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Old and New Edinburgh Vol. III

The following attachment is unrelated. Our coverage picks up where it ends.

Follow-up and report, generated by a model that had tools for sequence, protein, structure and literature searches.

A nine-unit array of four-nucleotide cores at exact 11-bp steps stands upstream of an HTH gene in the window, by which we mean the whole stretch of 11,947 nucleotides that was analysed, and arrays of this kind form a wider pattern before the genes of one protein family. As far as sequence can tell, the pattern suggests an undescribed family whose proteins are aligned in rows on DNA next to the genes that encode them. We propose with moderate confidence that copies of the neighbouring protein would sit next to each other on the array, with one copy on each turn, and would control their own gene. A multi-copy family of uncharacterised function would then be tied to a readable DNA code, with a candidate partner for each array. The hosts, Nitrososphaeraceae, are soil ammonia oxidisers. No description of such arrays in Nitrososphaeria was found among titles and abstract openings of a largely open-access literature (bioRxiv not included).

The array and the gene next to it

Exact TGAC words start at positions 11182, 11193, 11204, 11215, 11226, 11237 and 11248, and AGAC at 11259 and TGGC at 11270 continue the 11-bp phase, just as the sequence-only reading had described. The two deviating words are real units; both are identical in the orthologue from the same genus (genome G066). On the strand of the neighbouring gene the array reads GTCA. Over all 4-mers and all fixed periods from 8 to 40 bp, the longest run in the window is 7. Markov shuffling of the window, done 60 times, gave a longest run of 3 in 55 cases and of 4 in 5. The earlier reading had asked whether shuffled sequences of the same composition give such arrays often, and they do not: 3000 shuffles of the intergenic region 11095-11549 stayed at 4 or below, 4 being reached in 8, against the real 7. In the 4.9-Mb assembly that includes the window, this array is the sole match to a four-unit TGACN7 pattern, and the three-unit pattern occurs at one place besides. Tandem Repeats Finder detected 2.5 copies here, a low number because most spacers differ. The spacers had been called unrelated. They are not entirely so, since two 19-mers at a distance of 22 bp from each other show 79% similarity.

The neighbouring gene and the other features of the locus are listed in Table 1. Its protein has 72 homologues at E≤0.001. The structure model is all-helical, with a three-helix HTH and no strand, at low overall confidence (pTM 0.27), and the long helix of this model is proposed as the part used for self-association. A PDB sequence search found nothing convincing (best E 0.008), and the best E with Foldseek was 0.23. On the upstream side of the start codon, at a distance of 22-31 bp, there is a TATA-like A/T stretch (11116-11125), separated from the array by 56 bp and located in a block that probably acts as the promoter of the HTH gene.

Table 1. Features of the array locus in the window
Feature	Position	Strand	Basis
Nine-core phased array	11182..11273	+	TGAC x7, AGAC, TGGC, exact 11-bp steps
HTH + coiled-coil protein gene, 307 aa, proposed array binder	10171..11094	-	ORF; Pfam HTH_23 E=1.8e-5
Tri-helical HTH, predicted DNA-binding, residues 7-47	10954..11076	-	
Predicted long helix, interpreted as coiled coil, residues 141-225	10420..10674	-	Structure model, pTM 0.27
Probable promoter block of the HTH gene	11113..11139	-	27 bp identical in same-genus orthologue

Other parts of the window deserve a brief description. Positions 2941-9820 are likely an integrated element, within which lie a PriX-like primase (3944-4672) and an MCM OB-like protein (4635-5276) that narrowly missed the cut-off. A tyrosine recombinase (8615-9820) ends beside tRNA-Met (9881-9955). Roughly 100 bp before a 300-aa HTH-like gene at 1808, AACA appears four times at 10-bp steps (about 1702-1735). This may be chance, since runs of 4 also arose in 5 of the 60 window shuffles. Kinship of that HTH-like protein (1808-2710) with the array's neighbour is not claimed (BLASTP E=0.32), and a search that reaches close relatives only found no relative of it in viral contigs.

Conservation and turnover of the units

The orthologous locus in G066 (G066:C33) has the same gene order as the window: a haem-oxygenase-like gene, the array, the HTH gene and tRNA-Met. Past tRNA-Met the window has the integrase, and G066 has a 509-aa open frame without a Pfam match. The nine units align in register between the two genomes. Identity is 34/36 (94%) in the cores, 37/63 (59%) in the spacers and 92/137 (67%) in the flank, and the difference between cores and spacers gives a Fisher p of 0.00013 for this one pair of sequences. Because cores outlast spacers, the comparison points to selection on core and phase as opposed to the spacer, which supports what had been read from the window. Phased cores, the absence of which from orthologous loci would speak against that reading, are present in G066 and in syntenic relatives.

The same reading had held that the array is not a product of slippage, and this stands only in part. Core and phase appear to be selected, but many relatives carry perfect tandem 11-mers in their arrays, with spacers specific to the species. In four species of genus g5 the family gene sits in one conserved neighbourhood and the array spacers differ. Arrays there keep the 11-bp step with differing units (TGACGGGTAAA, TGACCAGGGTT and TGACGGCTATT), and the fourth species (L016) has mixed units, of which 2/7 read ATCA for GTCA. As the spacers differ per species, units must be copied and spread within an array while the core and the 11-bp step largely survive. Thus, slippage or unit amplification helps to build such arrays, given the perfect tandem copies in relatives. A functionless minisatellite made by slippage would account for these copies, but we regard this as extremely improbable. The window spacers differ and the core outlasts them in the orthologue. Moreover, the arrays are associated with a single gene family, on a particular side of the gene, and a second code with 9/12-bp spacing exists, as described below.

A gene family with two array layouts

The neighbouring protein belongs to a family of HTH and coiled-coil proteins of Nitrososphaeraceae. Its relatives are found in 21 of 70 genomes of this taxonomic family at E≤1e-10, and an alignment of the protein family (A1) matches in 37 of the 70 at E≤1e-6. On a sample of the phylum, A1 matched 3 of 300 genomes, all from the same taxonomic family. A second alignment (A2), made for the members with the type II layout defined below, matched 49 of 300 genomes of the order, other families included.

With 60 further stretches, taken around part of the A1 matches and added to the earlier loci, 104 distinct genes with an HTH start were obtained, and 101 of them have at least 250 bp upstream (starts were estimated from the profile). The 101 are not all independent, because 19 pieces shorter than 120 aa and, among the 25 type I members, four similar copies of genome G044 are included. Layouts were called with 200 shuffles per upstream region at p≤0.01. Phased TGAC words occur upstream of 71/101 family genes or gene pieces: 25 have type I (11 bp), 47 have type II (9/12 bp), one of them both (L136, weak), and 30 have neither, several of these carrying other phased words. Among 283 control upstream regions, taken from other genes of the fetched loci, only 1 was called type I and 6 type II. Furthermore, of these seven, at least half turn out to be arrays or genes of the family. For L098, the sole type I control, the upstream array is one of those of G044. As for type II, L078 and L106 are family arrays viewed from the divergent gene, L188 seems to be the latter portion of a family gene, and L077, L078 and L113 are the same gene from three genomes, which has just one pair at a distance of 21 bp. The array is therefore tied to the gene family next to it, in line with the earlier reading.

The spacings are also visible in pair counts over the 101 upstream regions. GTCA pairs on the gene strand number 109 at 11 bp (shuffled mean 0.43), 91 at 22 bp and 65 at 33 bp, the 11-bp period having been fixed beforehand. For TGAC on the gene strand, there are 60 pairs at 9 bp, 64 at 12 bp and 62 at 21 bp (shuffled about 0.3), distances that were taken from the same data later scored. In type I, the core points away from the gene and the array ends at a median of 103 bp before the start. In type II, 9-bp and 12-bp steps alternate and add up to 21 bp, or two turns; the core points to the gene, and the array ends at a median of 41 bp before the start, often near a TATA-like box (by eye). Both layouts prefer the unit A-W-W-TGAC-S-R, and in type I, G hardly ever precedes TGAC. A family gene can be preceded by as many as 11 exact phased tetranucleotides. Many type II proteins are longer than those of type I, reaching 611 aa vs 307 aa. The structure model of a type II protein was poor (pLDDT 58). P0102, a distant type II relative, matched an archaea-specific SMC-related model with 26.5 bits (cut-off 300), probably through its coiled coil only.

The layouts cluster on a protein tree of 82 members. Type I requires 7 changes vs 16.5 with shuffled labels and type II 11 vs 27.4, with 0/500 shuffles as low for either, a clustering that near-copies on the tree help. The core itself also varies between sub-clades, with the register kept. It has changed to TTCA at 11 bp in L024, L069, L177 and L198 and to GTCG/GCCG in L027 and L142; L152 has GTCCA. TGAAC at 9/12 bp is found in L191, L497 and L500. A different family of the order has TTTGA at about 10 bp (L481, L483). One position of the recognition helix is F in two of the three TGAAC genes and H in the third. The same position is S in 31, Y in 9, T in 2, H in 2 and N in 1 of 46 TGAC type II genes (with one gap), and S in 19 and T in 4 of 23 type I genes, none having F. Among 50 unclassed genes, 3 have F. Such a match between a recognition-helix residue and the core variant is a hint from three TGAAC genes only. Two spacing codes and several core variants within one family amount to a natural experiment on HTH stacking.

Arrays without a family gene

West Churqh. SIR HENRY WELLWOOD MONCRIEFF. I35 and gloomy vault ; ?a memorial alike of the demolished fane and the extinct race,? says Wilson in 1847. ?When we last saw it the old oak door was broken in, and the stair that led down . to the chamber of fhe dead was choked up with rank nettles and hemlock-the fittest monument that could be devised for the old barons of Dean, the last of them now gathered to his fathers.? One of the most interesting tombs here is that of Thomas de Quincey, the eccentric ?English opium-eater,? who was the friend of Prqfessor Wilson, and died at Edinburgh on the 8th of December, 1859. It is reached by taking the first pathway upward to the right at the Lothian Road entrance. On one of the south walls here, where for more than fifty years it hung unnoticed and forgotten, is a piece of monumental sculpture, by Flaxman, of very rare beauty-a square architectural mural monument, of a mixed Roman and Grecian style, of white and black marble, which was erected to commemorate the death of three infant children. Two families-the Watsons of Muirhouse, and the Rocheids of Inverleith-retained the right of burial within the new church, under the steeple, which is 170 feet in height. Its bell, which is inscribed ?George Watt fecit, St. Ninian?s Row, Edin : 1791,? was hung in that year. In the west lobby of the church a handsome tablet bears the following inscription, removed, probably, from the older edifice :-? Here lyes the corpse of the Honble. Sir James Rocheid of Inverkith, who died the 1st day of May, 1737, in the 7 1st year of his age.? The last incumbent of the ancient church, Mr. Stewart, having died in April, 1775, was succeeded by the famous Sir Henry Wellwood Moncrieff, D.D., who for more than half a century was one of the greatest ornaments of the Scottish Church. At St. Cuthbert?s he soon became distinguished for his devoted zeal and fidelity in the discharge of his ministerial duties, for the mildness and benevolence of his disposition, for his genius, eloquence, and great personal worth. He soon became the leader of the Evangelical section of the church, and in 1785 was unanimously chosen Moderator of the General Assembly. He was appointed collector of the fund for the widows and children of the clergy, and filled that important situation till his death, and received annually the thanks of the Assembly for forty-three years. He was author of several sermons, and the funeral oration preached at his death by Dr. Andrew Thomson, 01 St. George?s, was long remembered for its power pathos, and tenderness. He died in 1827 of a lingering illness, in the 78th year of his age and 57th of his ministry. In its greatest length, quoad civiZia, in 1835, the parish measured upwards of five miles, and in its yeatest breadth three and a half. But in 1834 territories were detached from it and formed into ihe quoad sacra parishes of Buccleuch, St. Bemard?s, Newington, and Roxburgh. It was partly landward and partly town ; but, as regards population, is chiefly the latter now. Each of its two ministers has a manse. Before quitting the church of St. Cuthbert a reference must be made to its old poor-house, a plain but lofty edifice, with two projecting wings :standing on the south side of what was latterly :alled Riding School Lane), and now removed. At an early period a tax of LIOO sterling hac been laid on the parish to preclude begging, ? and maintain those who had been ?accustomed to live 3n the charity of others.? In 1739, at a meeting 3f heritow and the Session, the former protested against the levy of this old impost, on the plea ?that the poor?s funds were sufficient to maintain the poor in the landward part of the parish, with whom only the heritors were concerned ; while the poor living in Pleasance, Potter Row, Bristo, West Port, &c., fell to be maintained by the town in whose suburbs they were.? The assessment was thus abandoned, and an ancient practice was resorted to : the mendicant poor were furnished with metal badges, entitling them to solicit alms within the parish. The number furnished with this unenviable distinction amounted to fifty-eight in 1744, and the number of enroIled poor to 220, for whose support A200 sterling were expended. In 1754 the Kirk Session presented a nikmorial to the magistrates, craving a moiety of the duty levied on ale for the support of their poor, whereupon a wing was added to the city workhouse for the reception of St. Cuthbert?s mendicants. In June 1759 a subscription was opened for building a workhouse in the West Kirk. parish j the money obtained amounted to A553 sterling for the house, and A196 8s. of annual subscrip tions for the support of its inmates-a small proof that the incubus or inertia which had so long affected Edinburgh was now passing away ; and the building was commenced on the south side of a tortuous lane, St. Cuthbert?s, that then ran between hedgerows from opposite the churchyard gate towards the place named the Grove. It was completed by the year 1761, at a cost of about L1,565 sterling. The expenses of the house were defrayed partlv hv collections at the church doors
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